In Joseph Ellis' book Founding Brothers: The Revolutionary Generation, we look into a distant mirror of our own time. Ellis points out that the people we like to regard as model statesmenfigures like George Washington, John Adams and Thomas Jeffersonfrequently failed to live up to the standards of character that the historical perspective fondly attributes to them. Of the three, only Washington managed to preserve his integrity by refusing to cast his lot with either political party. And yet, even in Washington's case, the very qualities that enabled him to take such a stance earned criticism from fellow revolutionaries like Thomas Paine, who wrote: "The world will be puzzled to decide whether you are an apostate or an imposter, whether you have abandoned good principles, or whether you ever had any."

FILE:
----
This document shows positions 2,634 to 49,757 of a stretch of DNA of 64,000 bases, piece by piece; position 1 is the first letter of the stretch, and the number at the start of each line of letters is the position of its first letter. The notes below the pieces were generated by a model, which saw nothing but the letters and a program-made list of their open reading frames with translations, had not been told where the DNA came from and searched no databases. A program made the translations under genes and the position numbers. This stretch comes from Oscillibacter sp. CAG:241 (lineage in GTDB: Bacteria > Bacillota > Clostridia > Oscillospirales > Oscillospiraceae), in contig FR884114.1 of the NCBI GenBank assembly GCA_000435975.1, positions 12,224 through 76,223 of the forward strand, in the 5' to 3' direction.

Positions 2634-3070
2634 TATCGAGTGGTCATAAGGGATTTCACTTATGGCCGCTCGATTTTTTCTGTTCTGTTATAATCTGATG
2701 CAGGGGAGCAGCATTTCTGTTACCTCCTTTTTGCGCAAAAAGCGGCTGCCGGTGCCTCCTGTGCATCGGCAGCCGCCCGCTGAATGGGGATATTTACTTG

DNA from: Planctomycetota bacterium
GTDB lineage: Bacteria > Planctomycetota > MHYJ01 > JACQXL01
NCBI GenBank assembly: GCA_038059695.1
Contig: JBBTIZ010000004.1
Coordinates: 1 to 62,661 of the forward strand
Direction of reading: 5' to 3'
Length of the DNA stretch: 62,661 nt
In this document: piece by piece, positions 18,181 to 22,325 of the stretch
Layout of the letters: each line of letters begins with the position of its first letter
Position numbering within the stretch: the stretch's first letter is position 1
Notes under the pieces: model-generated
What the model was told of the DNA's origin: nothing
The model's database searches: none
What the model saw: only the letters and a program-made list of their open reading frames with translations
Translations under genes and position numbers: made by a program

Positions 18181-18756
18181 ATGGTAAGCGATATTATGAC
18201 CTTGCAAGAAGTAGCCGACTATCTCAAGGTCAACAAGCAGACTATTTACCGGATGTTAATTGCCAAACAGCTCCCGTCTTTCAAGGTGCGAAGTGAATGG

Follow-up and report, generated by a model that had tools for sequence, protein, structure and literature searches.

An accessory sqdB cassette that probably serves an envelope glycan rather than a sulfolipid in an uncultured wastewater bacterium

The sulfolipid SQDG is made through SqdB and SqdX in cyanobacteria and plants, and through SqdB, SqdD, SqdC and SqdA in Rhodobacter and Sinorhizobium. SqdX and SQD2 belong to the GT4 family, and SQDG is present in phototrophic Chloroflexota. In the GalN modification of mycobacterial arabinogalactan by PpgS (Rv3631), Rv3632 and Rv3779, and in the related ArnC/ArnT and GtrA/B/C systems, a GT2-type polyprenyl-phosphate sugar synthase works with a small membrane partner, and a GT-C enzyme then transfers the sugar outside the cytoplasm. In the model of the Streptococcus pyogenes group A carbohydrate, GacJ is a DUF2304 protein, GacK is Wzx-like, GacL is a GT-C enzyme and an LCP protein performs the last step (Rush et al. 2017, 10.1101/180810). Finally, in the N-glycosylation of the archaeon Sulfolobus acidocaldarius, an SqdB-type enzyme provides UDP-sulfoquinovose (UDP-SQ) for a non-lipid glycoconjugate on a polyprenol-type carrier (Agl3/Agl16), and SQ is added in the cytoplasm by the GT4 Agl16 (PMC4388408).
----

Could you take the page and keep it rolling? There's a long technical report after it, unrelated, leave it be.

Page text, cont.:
One of the chief problems facing politicians in a democracy is that they must take public positions on issues that are not only highly charged and difficult to resolve, but often insoluble. By the very nature of their office, politicians cannot rest with ambiguity on issues that are socially divisive: abortion, gun control, taxes, environmental regulation, stem cell research, foreign trade policies. Private citizens, on the other hand, have the advantage of selecting when and where they will share their views on such issues. I may suspect that my neighbor, coworker or fellow churchgoer does not share my views on some of these issues. But we maintain our cordiality with one another merely by avoiding the difficult issues and limiting our conversations to those topics that are politically neutrallike fishing, the weather or the Green Bay Packers.